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divert
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Middlemarch
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divert
Used In
Middlemarch
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  • I await the expression of your sentiments with an anxiety which it would be the part of wisdom (were it possible) to divert by a more arduous labor than usual.
  • Mr. Casaubon apparently did not care about building cottages, and diverted the talk to the extremely narrow accommodation which was to be had in the dwellings of the ancient Egyptians, as if to check a too high standard.
  • He had a certain shame about his neighbors’ errors, and never spoke of them willingly; hence he was not likely to divert his mind from the best mode of hardening timber and other ingenious devices in order to preconceive those errors.
  • Meanwhile tiny Miss Noble carried on her arm a small basket, into which she diverted a bit of sugar, which she had first dropped in her saucer as if by mistake; looking round furtively afterwards, and reverting to her teacup with a small innocent noise as of a tiny timid quadruped.
  • Mrs. Cadwallader’s eyes, diverted from the churchyard, saw a good deal of dumb show which was not so intelligible to her as she could have desired, and could not repress the question, "Who is Mr. Ladislaw?"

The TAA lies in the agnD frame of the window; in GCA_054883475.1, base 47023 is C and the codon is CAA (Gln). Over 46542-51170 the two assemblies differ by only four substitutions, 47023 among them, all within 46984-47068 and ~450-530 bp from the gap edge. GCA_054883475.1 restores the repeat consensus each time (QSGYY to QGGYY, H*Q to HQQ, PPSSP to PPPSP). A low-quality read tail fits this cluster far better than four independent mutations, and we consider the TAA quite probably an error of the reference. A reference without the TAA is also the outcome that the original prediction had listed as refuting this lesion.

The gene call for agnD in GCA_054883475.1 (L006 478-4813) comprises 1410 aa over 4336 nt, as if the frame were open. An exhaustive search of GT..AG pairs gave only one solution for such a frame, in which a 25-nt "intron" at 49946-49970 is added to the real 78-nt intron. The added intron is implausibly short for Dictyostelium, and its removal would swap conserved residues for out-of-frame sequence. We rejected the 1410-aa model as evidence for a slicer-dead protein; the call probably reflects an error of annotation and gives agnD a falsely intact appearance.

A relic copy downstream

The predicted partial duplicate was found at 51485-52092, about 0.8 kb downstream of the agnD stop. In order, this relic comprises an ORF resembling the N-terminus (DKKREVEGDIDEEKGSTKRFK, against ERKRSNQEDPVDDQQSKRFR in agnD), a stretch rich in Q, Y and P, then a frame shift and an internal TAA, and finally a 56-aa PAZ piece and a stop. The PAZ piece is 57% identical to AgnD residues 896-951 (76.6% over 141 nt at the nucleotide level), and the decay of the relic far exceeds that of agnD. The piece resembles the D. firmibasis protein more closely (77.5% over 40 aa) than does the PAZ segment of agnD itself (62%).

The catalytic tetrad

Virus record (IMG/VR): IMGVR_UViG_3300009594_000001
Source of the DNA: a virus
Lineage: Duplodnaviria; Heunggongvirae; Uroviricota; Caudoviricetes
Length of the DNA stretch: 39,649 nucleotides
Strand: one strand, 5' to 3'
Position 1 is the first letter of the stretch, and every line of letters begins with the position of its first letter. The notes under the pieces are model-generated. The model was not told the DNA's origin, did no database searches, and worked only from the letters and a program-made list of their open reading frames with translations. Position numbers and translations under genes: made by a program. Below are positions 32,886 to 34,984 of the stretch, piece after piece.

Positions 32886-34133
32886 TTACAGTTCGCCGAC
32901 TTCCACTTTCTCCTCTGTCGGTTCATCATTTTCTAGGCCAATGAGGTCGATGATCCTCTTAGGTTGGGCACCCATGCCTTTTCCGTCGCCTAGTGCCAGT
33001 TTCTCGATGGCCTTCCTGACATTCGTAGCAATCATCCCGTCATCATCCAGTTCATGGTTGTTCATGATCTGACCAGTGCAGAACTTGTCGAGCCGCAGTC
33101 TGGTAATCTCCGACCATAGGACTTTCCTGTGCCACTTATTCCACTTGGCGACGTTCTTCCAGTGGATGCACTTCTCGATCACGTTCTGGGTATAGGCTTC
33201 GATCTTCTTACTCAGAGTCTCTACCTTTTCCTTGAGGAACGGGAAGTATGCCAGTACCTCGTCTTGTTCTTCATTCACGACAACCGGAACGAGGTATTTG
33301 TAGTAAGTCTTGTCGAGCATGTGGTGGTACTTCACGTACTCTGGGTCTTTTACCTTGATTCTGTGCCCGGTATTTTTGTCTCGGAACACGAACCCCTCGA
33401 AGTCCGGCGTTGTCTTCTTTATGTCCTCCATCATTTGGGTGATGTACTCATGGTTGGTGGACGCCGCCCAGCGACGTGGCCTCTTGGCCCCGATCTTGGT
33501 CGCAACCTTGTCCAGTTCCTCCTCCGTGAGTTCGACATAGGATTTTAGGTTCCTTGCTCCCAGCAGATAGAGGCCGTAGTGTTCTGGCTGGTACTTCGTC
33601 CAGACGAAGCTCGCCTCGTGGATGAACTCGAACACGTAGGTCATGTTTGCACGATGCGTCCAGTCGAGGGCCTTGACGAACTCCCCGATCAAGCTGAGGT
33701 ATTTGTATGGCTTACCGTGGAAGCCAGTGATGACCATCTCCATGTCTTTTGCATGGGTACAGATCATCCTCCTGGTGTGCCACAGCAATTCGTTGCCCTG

• It had not occurred to Lydgate that he had been a subject of eager meditation to Rosamond, who had neither any reason for throwing her marriage into distant perspective, nor any pathological studies to divert her mind from that ruminating habit, that inward repetition of looks, words, and phrases, which makes a large part in the lives of most girls.
  • No notion could have been falser than this, for Rosamond’s discontent in her marriage was due to the conditions of marriage itself, to its demand for self-suppression and tolerance, and not to the nature of her husband; but the easy conception of an unreal Better had a sentimental charm which diverted her ennui.

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  • I tried to divert her attention.
  • A fool and water will go the way they are diverted.
    African Proverb

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